Prosecution Fails to Get Holding Order in Drug Sale Prelim

methIn what began as a routine drug possession for sale and transportation case took several odd turns that led Judge Paul Richardson to deny a holding order on the sale and transportation charges for the main target of the investigation, Jeremy Deaton.

Agent Gary Richter, a Yolo County Sheriff’s Deputy working for YONET (Yolo Narcotic Enforcement Team), testified as both the investigating officer and expert witness for the prosecution. He described receiving a tip on January 8, 2015, by a confidential informant that led Agent Richter and a YONET team to conduct surveillance on a motel on Main Street in Woodland.

They observed the suspect leaving the motel in a van, the van drove around the block and doubled back to the motel. Driving an unmarked car, they tailed the subjects and eventually put the lights on. The van did not immediately stop, but ultimately yielded.

The subjects were detained at this point – Jeremy Deaton and a female, Shawndra Cline, also known as Shawndra Duffy. Agent Richter testified that they conducted a search of the motel room. He said they found roughly .3 grams of meth along with multiple broken meth pipes in the motel room.

He said that the motel room was registered under a fictitious name, but he found indicia in the form of bills and medical documents that tied the room to both Mr. Deaton and Ms. Cline (as referred to by Agent Richter, while the court referred to her as Ms. Duffy).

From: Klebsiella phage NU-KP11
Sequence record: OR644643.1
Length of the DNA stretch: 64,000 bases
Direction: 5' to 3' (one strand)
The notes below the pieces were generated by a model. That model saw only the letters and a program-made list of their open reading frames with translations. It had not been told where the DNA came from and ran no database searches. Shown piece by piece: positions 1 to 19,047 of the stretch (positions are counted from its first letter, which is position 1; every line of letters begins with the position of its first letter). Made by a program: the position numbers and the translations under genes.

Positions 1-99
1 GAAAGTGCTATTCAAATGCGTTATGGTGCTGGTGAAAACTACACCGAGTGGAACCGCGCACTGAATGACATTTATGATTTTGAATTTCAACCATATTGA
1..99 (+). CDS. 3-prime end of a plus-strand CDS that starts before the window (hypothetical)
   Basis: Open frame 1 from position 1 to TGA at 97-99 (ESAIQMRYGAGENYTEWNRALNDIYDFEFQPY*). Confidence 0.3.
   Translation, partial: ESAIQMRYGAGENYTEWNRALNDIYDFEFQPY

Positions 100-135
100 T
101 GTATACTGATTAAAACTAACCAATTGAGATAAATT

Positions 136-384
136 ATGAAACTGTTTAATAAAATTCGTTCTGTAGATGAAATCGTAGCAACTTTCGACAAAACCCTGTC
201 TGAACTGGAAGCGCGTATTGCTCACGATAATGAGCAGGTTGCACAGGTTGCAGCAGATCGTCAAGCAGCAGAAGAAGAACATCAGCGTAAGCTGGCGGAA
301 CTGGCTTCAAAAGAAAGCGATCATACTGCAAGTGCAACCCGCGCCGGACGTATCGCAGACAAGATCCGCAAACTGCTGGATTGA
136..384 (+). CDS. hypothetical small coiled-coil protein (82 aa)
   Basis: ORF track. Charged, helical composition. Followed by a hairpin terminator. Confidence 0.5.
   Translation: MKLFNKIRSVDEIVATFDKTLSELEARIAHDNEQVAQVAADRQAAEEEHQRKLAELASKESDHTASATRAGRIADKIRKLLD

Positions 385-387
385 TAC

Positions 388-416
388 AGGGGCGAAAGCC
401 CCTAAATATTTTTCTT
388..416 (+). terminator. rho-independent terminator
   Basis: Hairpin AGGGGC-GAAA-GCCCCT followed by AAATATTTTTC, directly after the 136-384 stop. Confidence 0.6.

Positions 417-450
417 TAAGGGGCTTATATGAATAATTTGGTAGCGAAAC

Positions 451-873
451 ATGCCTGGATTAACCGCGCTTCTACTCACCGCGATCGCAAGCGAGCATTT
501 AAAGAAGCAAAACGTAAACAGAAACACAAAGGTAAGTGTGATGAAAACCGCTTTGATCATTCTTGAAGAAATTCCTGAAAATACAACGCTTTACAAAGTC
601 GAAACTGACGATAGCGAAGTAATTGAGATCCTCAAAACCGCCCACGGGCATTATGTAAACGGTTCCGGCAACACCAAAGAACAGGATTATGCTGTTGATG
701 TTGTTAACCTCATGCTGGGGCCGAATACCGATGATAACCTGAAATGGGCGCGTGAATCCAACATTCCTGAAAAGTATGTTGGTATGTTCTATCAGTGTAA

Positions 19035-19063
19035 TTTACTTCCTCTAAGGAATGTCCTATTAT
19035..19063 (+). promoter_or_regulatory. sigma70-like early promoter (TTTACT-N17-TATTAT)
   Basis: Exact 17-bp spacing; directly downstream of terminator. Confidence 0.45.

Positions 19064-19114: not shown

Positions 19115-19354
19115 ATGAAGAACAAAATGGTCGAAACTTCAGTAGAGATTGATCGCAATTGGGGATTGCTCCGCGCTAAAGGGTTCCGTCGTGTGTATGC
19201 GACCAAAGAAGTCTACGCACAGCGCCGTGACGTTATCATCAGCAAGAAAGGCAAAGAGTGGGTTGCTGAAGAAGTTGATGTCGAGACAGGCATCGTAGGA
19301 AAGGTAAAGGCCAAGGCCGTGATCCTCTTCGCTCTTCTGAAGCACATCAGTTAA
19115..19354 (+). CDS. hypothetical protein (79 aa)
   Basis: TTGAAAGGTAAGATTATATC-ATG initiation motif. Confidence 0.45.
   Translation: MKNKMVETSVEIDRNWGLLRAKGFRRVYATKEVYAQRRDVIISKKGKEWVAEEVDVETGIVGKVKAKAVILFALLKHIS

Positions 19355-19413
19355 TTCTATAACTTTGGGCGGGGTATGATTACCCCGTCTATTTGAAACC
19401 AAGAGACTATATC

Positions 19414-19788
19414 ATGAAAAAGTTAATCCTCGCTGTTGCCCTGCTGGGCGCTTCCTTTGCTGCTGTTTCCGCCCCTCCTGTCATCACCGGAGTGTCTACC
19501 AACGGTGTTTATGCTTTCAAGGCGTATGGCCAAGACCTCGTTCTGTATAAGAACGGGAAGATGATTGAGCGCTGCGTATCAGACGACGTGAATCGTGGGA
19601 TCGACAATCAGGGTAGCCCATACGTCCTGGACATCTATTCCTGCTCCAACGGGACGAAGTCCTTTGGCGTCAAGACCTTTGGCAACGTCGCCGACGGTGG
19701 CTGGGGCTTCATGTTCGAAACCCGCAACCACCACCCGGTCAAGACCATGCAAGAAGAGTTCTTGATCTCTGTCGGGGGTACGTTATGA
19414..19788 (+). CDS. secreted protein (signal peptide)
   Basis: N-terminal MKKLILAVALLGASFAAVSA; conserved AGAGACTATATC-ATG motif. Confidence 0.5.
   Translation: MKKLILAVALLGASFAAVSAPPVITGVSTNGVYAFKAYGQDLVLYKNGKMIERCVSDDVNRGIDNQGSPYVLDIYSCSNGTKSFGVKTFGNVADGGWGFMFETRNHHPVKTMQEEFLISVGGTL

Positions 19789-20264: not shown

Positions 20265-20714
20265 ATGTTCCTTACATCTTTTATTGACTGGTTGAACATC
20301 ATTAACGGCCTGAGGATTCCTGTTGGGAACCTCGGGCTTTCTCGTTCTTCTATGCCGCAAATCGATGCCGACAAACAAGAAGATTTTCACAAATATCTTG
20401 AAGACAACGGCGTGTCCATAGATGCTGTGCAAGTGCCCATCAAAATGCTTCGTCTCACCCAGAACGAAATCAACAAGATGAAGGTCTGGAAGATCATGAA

Agent Richter further testified that the van was searched and they found a scale in Ms. Cline’s purse. Agent Richter said they he had a female deputy search Ms. Cline’s person and after a lengthy search they uncovered a bag of meth, approximately half an ounce, in Ms. Cline’s vagina.

After describing fully his investigation, Gary Richter was asked to testify as an expert witness. The defense stipulated to this for the purposes of the preliminary hearing. Agent Richter testified that, in his expert opinion, having worked in YONET for four years and having taken various training courses on drugs, the drugs found in Ms. Cline’s vagina were possessed for the purpose of sales.

He argued this based on several factors. First, the amount of the meth was routinely a standard for sale. Second, while he has seen some drug users with scales in their homes to make sure they are getting the proper amount, her having a scale in her purse suggested that she intended to sell the meth.

Third, he believes that when they delayed in pulling over, this indicated that they were hiding the drug. Finally, he cited the information given to him by the confidential informant.

Under cross-examination from Deputy Public Defender Teal Dixon, representing Mr. Deaton, she asked Gary Richter the nature of the information provided by the informant. After some discussion, Deputy DA Larry Eichele stated that, for the purposes of the preliminary hearing, the information should be privileged under the statutes that protect confidential informants. He noted that should this case go to trial, he would likely be required to disclose the content of the informant’s tip, but not at this time.

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Judge Richardson would overrule the objections of Ms. Dixon, but stated that, for the purposes of the preliminary hearing, the surveillance and investigation would be the basis for the belief that this meth was possessed for sale.